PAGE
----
April 26, 2013

Emmaus Walk / Debra Tomaselli

Do you hear what I hear? ‘God loves you, and so do I’

Debra Tomaselli “God loves you, and so do I.”

That was Grandma Peg’s tagline. She wrote it in every communication. I can still envision her cursive handwriting, complete with loops and scrolls.

“God loves you, and so do I.”

She penned that on birthday cards, holiday greetings and gift tags. Once, when flowers arrived with a card that simply read, “God loves you, and so do I,” we knew Grandma Peg sent them.

Peg was my stepmother. She married Dad, who was widowed, when my husband and I were juggling our first baby. Instantly, Peg became grandma. Although we lived states away, she began teaching invaluable lessons.

Faith was our connection. We attended Mass and prayed together. But Grandma Peg brought holiness to a new level. She was the first person to “pray over” me, although I nearly cringed at the thought. She introduced me to prayer meetings and charismatic music.

During our visits, I’d awake to find her sitting in a chair, reading her Bible and praying. That image was captivating. For those precious moments, she seemed to be in another world, a very peaceful place.

Once Grandma Peg and I were in the kitchen when she reached for something to write on, which happened to be a grocery receipt.

“Sometimes, things just come to me,” she said. She scribbled a few lines and handed it to me.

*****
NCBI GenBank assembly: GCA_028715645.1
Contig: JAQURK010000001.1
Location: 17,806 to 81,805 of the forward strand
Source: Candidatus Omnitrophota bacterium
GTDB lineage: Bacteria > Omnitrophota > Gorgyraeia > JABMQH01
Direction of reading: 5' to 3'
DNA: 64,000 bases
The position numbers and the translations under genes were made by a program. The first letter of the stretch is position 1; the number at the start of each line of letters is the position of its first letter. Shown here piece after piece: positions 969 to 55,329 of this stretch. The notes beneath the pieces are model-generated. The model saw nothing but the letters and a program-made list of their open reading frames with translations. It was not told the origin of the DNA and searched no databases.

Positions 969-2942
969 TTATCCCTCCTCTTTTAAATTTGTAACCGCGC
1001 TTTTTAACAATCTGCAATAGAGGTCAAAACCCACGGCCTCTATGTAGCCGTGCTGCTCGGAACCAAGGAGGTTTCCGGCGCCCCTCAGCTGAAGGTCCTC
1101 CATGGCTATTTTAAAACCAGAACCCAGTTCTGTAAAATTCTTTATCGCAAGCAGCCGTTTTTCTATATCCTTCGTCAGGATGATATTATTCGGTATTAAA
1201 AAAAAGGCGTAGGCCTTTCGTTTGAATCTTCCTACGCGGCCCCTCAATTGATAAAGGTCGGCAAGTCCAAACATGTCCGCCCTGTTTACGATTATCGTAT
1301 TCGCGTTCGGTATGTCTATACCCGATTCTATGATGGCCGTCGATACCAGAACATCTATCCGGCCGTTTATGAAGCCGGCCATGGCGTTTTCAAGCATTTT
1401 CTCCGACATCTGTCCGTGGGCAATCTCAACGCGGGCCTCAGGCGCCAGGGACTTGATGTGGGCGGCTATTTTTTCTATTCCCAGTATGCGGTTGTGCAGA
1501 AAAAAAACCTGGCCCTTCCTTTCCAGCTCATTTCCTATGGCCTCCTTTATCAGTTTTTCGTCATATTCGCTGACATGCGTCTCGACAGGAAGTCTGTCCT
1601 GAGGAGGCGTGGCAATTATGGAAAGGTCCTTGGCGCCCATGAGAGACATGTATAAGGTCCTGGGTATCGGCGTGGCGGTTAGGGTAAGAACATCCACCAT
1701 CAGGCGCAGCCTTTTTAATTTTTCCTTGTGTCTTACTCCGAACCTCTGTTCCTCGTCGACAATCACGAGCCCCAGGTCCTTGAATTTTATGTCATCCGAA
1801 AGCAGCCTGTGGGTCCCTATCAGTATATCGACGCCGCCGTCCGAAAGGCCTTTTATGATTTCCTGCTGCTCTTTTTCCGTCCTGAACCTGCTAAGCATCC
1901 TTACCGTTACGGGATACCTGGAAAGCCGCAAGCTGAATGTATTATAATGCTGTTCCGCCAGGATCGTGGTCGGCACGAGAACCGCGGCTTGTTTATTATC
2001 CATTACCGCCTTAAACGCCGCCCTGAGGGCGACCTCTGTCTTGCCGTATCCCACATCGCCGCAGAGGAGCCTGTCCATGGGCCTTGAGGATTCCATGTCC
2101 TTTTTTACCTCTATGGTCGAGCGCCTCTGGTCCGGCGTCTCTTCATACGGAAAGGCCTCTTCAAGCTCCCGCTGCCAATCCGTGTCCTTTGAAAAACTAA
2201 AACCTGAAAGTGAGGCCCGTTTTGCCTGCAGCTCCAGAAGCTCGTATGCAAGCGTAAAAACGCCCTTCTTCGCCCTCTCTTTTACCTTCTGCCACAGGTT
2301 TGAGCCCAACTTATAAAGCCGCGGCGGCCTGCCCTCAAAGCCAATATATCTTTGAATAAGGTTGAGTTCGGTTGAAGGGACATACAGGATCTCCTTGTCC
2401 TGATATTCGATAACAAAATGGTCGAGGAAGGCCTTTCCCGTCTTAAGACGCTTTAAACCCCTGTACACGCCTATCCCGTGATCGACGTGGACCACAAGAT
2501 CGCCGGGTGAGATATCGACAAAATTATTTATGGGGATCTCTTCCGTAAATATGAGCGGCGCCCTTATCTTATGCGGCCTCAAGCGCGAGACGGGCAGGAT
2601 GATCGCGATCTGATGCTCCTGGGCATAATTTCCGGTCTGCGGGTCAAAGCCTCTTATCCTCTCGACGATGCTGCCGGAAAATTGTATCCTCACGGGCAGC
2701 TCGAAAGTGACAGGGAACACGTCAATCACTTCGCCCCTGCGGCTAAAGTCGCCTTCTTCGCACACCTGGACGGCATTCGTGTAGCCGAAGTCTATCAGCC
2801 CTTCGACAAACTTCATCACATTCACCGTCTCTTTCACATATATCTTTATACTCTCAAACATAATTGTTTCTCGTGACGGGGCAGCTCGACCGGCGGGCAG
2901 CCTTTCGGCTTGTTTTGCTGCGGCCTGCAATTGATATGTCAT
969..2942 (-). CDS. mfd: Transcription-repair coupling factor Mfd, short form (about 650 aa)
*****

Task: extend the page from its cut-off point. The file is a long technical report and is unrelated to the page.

“My children,” it said. “I bring you my love. Remain steadfast. Walk with me. Trust me. Obey me. Believe me. Love me. I am your Lord God.”

Another time, we were chatting when she arose, dug through her purse, wrote a check and handed it to me. I tried to resist, but she insisted.

“I just felt like God was asking me to do that,” she said.

I wonder if she knew the money was a lifeline at that particular time.

Dad died, but she remained a central figure in our lives. We continued to receive letters, flowers and cards from her with the enduring message, “God loves you, and so do I.” Eventually, I began writing it in my correspondences back to her.

In fact, I found myself following in her footsteps. I’d start my day reading the Bible and praying. When her health declined, I’d quote Scripture to encourage her. In her darkest moments, I’d pray right over the phone with her.

Within hours of her death, I arranged flights and made plans to attend her funeral. Days later, I flew home and returned to work.

That’s when the enormity of the loss hit. I felt overwhelmed by sadness. In my sorrow, I longed for a connection to her.

The afternoon passed slowly. At closing time, I wiped my tears and shut the computer down. As was our custom, I hugged my co-worker Michelle goodbye.

As we embraced, Michelle, knowing I’d had a difficult day, spoke.

“I wanted to tell you something my mama always used to say,” she said.

Then, unbeknownst to her, Michelle delivered a message straight from the heart of Grandma Peg. It was balm for my sorrowing soul.

“God loves you, and so do I.”

(Debra Tomaselli writes from Altamonte Springs, Florida. She can be reached at dtomaselli@cfl.rr.com.)

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